Enter a writer whose effect on his fanbase was among the most powerful I’ve ever seen.
Upon first look, you half-expect Mister Rothfuss to be a real ale drinker, socks under his sandals and a chunky knit sweater; Gods know, he may even be filking before the evening is out. When he gets behind the signing counter, however, he proves that he has comedy, presence, vivacity and a kind of hearty sincerity that only an American can get away with.
He refuses to write random quotes in people’s books – here’s a man with a 250,000 word novel, written across 15 years, saying he can’t be brilliant ‘on the spur’. He cuddles random bloggers, pulls faces as his picture’s taken; he has an evil laugh and a wicked sense of humour – he’ll write relationship advice, he says, and if it’s anything like his writing advice, then I feel the owner of the book would be well-advised to follow it.
The air is warm, the queue is bubbling with enthusiasm, kept laughing by Pat’s quips. His readers are overwhelmed by him, gentle as he is – one couple love the book so much they ask him to dedicate it to ‘Anara’, their unborn child. And he returns their affection – this picture by Lucy Artiss captures one of the novel’s characters so vividly, you realise the remarkable relationship this writer has with his readers goes both ways.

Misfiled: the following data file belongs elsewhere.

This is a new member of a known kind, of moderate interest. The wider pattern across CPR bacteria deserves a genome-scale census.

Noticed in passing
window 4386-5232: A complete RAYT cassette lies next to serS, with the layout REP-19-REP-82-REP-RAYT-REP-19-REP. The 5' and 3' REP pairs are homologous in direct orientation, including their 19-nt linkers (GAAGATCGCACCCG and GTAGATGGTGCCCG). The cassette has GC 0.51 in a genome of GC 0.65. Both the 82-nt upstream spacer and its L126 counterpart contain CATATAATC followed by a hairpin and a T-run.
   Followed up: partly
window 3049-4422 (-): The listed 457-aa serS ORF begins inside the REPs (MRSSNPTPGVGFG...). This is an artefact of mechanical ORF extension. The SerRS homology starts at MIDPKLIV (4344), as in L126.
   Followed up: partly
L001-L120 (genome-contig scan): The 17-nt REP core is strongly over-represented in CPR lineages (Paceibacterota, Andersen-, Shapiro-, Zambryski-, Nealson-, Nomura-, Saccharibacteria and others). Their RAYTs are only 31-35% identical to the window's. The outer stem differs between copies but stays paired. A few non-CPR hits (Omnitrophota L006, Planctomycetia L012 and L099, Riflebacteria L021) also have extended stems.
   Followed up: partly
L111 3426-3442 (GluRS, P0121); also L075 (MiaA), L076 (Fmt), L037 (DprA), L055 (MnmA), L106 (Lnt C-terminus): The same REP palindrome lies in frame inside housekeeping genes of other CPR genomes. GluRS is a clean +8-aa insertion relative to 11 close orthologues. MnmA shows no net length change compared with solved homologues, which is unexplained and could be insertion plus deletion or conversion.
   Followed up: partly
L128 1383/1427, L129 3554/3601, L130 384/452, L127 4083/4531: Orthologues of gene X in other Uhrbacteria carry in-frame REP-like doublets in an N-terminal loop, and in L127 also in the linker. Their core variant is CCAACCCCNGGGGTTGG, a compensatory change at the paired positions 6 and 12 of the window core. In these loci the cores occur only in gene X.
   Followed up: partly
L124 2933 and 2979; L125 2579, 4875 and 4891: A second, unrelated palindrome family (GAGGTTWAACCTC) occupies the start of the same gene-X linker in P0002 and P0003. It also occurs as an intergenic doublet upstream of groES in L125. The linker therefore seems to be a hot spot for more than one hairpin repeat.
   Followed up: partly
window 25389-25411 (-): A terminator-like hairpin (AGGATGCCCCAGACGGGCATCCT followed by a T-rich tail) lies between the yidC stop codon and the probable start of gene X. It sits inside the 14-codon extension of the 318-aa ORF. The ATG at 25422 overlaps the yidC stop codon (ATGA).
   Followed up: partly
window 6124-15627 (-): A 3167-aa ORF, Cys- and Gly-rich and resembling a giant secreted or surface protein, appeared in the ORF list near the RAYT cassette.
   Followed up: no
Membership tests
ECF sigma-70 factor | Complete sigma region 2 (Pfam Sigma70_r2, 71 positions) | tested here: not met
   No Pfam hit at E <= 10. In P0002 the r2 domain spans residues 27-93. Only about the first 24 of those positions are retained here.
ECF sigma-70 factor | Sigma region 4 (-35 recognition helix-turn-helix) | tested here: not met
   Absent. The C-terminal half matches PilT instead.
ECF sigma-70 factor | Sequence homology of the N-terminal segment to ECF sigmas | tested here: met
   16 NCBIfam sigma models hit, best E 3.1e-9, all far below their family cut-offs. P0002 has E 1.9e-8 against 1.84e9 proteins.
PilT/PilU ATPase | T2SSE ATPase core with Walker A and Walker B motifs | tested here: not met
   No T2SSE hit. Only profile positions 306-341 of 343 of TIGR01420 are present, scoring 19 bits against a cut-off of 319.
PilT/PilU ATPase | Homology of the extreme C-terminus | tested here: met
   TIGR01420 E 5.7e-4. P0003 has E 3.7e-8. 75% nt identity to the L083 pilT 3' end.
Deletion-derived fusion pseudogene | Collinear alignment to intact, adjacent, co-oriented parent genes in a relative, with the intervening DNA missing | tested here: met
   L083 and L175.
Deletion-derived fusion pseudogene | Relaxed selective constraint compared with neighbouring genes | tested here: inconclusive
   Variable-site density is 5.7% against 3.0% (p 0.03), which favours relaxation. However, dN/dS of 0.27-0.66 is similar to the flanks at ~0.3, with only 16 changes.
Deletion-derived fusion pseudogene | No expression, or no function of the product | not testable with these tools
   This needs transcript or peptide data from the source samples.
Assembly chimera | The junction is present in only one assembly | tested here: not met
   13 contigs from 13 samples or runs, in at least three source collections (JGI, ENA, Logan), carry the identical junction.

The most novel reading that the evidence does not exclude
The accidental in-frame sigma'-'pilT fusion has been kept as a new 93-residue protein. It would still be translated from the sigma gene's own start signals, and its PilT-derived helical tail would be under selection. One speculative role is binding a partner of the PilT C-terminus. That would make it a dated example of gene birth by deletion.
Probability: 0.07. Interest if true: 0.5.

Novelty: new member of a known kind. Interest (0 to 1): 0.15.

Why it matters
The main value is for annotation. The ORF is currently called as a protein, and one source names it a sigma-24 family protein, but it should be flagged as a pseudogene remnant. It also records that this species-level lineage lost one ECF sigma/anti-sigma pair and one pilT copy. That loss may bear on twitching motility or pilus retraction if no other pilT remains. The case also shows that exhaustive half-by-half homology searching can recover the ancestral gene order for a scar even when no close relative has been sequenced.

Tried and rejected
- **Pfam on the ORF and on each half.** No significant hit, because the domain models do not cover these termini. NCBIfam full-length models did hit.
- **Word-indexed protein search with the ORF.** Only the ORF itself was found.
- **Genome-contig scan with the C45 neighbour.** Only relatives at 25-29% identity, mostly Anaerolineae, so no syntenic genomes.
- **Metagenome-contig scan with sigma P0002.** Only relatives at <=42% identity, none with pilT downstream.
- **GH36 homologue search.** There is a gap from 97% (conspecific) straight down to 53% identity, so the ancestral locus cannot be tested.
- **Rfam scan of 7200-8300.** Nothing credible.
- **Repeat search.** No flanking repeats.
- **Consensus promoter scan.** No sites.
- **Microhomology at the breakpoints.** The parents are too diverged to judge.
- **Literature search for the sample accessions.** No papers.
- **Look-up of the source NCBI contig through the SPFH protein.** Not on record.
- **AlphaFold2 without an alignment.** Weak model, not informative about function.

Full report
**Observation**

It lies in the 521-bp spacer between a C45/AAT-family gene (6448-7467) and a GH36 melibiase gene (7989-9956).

We adjourn to the Phoenix for a Q&A – where he proves he’s not only writer, charismatic leader and agony uncle, he’s also stand-up comic. He starts on the masturbation of poetry (or was that the poetry of masturbation?) and the finer details of monkey-love… I’m sure Kvothe never told Chronicler anything like that.
Monkeys aside, he talks about the craft of writing – some wondrous insights, too many to list here. The difference between writing and editing and the poignant change in attitude that comes with publication – both from others, and from yourself. Suddenly, as we all discover at some point, it isn’t fun any more.
The thing that touches me is a simple one – one of the earliest ‘101’ pieces of advice any writer is given. No, not ‘face the cold page’ (though that was there too) but ‘write what you know’. Sod that, says Patrick Rothfuss, ‘write what you don’t’. What you know has become tarnished; you’ve seen it first thing in the morning, you’ve seen it dirty and broken down. What you don’t know is like the high-school crush you never got to snog – it’ll always be beautiful. Take that passion – that belief in its beauty – and write.
I had to ‘fess up that I hadn’t actually read ‘Name of the Wind’ – it’s been many years since I could read classic high fantasy without an autodump from my cynicism gland – but this is a writer who may yet make me change my mind.
His secret? ‘Don’t video me’, he says, ‘this is my front room, and you are all my friends’.
To coin a phrase – his name is Patrick Rothfuss. You may have heard of him.